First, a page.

Nunatsiaq News
NEWS: Nunavut May 05, 2011 - 3:26 pm

Officials mark opening of Nunavut culture school

$32.2 million centre in Clyde River costs to take first participants in September

NUNATSIAQ NEWS
Elder Regeelie Paneak lights a qulliq during the official opening of the Piqqusilirivvik cultural school in Clyde River May 4. The school will open its doors to students in September. (PHOTO COURTESY OF CLEY)
Elder Regeelie Paneak lights a qulliq during the official opening of the Piqqusilirivvik cultural school in Clyde River May 4. The school will open its doors to students in September. (PHOTO COURTESY OF CLEY)

Nunavut’s Piqqusilirivvik cultural school officially opened its doors May 4, with a celebration featuring Government of Nunavut and Nunavut Tunngavik Inc. officials and the people of Clyde River.

“The opening of Piqqusilirivvik marks an important step in our commitment and dedication to the continued support and preservation of Inuit values, skills and knowledge,” said James Arreak, minister of Culture, Language, Elders and Youth, in a statement.

“Elders played a significant role in the establishment of this facility and they will play even a bigger role by teaching Inuit traditions in this facility.”

The 2,200-square metre facility will play host to 14 staff who will instruct Inuit in traditional travelling, hunting and crafts, all in Inuktitut and with an emphasis on Inuit values.

Satellite “campuses” in Igloolik and Baker Lake will also offer programming, but won’t have buildings of their own.

Piqqusilirivvik was built at a cost of $32.2 million, three-quarters of which came from federal infrastructure funding, and will cost $4.4 million to operate in its first year.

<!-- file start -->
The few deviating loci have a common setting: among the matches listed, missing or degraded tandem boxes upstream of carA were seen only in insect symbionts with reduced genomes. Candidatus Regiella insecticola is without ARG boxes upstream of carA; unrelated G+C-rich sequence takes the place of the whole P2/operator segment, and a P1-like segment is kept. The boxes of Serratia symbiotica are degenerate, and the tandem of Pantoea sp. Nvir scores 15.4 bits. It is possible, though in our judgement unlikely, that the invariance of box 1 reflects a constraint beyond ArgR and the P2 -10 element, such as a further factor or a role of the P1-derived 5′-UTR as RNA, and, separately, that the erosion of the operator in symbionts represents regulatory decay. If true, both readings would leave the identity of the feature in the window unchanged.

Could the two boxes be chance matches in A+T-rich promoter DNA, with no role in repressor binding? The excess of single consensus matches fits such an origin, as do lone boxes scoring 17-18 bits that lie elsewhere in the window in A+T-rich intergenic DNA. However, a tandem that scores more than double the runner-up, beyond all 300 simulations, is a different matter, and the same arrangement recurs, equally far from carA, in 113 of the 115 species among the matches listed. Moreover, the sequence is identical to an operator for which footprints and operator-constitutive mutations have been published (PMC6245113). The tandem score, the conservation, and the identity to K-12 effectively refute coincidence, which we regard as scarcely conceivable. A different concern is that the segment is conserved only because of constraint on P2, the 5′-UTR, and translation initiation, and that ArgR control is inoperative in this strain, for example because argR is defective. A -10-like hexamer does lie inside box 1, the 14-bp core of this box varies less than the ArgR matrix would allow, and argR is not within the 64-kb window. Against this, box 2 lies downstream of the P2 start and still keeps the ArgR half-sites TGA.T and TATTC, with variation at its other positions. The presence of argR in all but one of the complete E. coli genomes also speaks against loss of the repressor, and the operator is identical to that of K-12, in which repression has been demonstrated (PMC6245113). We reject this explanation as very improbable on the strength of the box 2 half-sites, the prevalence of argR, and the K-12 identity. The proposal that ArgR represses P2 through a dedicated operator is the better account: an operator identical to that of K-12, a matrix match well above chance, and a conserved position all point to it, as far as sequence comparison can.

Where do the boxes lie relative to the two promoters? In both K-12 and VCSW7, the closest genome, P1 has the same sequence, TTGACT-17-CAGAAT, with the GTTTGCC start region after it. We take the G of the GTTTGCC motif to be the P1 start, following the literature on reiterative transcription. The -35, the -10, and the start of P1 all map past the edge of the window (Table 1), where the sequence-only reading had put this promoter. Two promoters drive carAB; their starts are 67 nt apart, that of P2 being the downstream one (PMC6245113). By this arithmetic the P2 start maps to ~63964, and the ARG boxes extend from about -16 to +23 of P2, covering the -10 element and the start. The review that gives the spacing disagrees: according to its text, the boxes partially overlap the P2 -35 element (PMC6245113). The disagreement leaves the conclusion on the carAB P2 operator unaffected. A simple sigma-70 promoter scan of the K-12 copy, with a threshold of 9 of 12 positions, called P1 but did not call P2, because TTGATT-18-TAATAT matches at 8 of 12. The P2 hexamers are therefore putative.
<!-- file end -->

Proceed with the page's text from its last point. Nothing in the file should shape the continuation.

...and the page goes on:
Officials said Piqqusilirivvik will take its first students in Septmember.

“As Nunavut continues to grow, it is more important than ever to build our territory with a solid foundation in Inuit culture, and share and safeguard it for future generations,” said Nunavut premier Eva Aariak in a statement.

Instructors won’t be selected based on formal educational qualifications, but instead on their possession of strong traditional skills.

Students at Piqqusilirivvik also don’t need formal education to get in, rather, they must receive support from their home communities. Nor will they graduate in the southern sense of the word.

But they will take home things like hunting equipment when they’re finished.

They’re also not eligible for student financial aid, though their travel costs to and from Clyde River will be covered.

The building itself features dormitories for out-of-town students, wheelchair accessibility, internet and plenty of room for sewing and processing skins.

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